The second thing I noticed about writing with the tablet is that the plastic stylus is thinner than I like. If you were to mug me for the pens in my pocket you would see that while I have choices within the same brand between wide barrels and narrow barrels. The only thin barrel design I have has an iPad rubber stylus tip on it. I believe reinforced by how my pen strokes make my elbow feel that wide barrels sit easier in my fingers. Or I could’ve just convinced myself of this allowing my mind to think they fit better.

My solution, if I liked the tablet more, would be to dig out some of the leftover colored gaff tape from my film production days and wrap up the stylus for a thicker grip. It didn’t get this far, so we’ll never know. My words filled up the screen despite the screaming tendons in my elbow.

In the second session conducted more recently, I solve the Portrait problem by turning the tablet sideways to the right and picking the Landscape variation of College Ruled lines. My hand now moves away from the Next Page Button. All seems right in my writing universe as I imagine trading off between my Elfinbook notebook (see post) and the ReMarkable both allowing me to feel more progressive and pro-tree than perhaps I really am. The smaller reusable notebook that uses photographed pages to create PDFs would be good for some uses and the larger ReMarkable, I could maybe use for larger drawings because I really like belly-flopping off the 30-meter platform at the Olympics when it comes to my pictures.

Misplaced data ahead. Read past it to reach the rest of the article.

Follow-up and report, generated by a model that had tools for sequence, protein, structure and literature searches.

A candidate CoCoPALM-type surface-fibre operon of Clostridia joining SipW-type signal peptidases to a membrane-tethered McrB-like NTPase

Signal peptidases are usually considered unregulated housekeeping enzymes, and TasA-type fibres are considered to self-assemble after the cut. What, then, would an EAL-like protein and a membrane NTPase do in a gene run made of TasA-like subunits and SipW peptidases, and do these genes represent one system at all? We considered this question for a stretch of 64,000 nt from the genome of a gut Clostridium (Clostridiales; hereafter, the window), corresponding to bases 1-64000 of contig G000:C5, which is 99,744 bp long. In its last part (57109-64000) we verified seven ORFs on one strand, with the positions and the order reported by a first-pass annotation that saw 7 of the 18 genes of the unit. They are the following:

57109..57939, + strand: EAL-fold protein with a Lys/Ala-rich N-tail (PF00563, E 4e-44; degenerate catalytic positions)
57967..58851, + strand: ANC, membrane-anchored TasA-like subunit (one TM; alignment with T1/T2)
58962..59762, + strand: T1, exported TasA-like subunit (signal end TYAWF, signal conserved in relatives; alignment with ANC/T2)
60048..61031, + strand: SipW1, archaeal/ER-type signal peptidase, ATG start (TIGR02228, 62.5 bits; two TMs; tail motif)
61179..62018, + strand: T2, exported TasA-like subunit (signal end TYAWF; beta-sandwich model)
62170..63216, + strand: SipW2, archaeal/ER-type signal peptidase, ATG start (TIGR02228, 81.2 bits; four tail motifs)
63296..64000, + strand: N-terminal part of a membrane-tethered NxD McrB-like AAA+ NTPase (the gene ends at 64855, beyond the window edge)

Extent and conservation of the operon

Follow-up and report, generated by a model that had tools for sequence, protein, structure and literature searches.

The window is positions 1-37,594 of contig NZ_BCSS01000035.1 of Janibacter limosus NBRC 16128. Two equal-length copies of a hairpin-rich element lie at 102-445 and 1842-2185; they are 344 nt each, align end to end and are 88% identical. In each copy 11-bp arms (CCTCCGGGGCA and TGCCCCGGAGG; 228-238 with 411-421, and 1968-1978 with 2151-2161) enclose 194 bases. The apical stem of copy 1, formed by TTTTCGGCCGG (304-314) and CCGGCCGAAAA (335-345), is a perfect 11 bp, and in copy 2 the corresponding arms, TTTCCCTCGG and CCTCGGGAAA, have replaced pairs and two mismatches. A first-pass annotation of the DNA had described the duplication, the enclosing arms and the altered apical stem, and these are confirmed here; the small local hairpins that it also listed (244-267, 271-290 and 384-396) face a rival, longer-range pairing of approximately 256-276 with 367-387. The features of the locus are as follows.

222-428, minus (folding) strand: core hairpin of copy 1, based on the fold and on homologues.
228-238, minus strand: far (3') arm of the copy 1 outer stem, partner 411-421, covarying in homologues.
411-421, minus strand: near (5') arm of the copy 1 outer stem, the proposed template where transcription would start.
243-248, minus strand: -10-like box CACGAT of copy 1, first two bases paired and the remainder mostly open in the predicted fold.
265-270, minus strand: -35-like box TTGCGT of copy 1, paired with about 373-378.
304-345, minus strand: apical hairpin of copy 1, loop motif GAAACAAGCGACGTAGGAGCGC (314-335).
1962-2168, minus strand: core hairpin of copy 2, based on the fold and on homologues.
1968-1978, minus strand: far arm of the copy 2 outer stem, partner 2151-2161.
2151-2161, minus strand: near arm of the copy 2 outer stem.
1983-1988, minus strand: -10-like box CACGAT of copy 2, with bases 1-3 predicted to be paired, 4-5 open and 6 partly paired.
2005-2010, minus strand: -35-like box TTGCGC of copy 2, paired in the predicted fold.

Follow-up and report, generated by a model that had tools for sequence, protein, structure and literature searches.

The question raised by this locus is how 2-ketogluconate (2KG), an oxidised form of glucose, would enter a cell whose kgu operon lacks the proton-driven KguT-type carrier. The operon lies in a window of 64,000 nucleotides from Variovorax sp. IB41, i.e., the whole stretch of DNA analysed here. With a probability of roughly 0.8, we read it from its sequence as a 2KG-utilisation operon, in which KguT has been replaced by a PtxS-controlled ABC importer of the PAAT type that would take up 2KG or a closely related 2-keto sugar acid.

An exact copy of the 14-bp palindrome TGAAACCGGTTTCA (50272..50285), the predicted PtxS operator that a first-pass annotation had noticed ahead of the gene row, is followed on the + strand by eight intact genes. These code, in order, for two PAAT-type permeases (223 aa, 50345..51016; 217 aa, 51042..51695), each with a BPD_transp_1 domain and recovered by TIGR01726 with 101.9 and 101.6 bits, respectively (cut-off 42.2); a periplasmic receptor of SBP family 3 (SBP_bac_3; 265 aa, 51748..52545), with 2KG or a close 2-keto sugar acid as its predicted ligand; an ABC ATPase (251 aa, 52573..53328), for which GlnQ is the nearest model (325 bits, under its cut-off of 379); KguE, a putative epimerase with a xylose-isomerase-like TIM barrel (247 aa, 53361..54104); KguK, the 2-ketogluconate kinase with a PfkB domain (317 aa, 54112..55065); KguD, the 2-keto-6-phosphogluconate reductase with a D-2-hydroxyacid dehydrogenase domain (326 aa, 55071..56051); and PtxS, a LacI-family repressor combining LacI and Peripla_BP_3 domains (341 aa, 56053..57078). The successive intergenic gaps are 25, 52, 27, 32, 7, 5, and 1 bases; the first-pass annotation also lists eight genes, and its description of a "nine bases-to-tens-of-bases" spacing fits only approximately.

Both paperless technologies are predicated on being able to create PDF files of my notes to send or cut and paste into a folder on my computer, especially wallowing in the arrogance of believing in a historically relevant literary estate. I’ve commented on the reusable notebook saving things to PDF and how easy it is to combine pages into one document. I tried the same thing with this big first draft of my review for The Death of Stalin. Tried as in – “Do or do not, there is no try!” – or the similar, “I’ll try means I’ll fail!”

Sending this handwritten text to myself using my fairly standard WiFi connection failed miserably because the file size was too large in PDF. Really, three pages of handwritten text is too large when other mobile apps can handle huge PDF files by comparison? And you have to send files from the tablet itself because there isn’t a Share Files button on the companion mobile app.

Trying to save things, when I realized I had the option of sending the file using the Photoshop originated PNG format I did that. The file went through, but then I added too many extra steps reconverting to a PDF. And the full text didn’t go through so I would have to rewrite the review or type from the tablet.

Gee, Guys! I feel so happy knowing that I paid $678 for a writing tablet that fails miserably in all of the small ways like file management that I ended buying an unusable paperweight. Maybe I bought something I could put onto a starship bridge set? Or some other flavor of movie prop? Certainly, what passes for my ethics says can’t give this [expletive deleted] away and have the gift accepted in the spirit intended. I wuzzz ROBBED!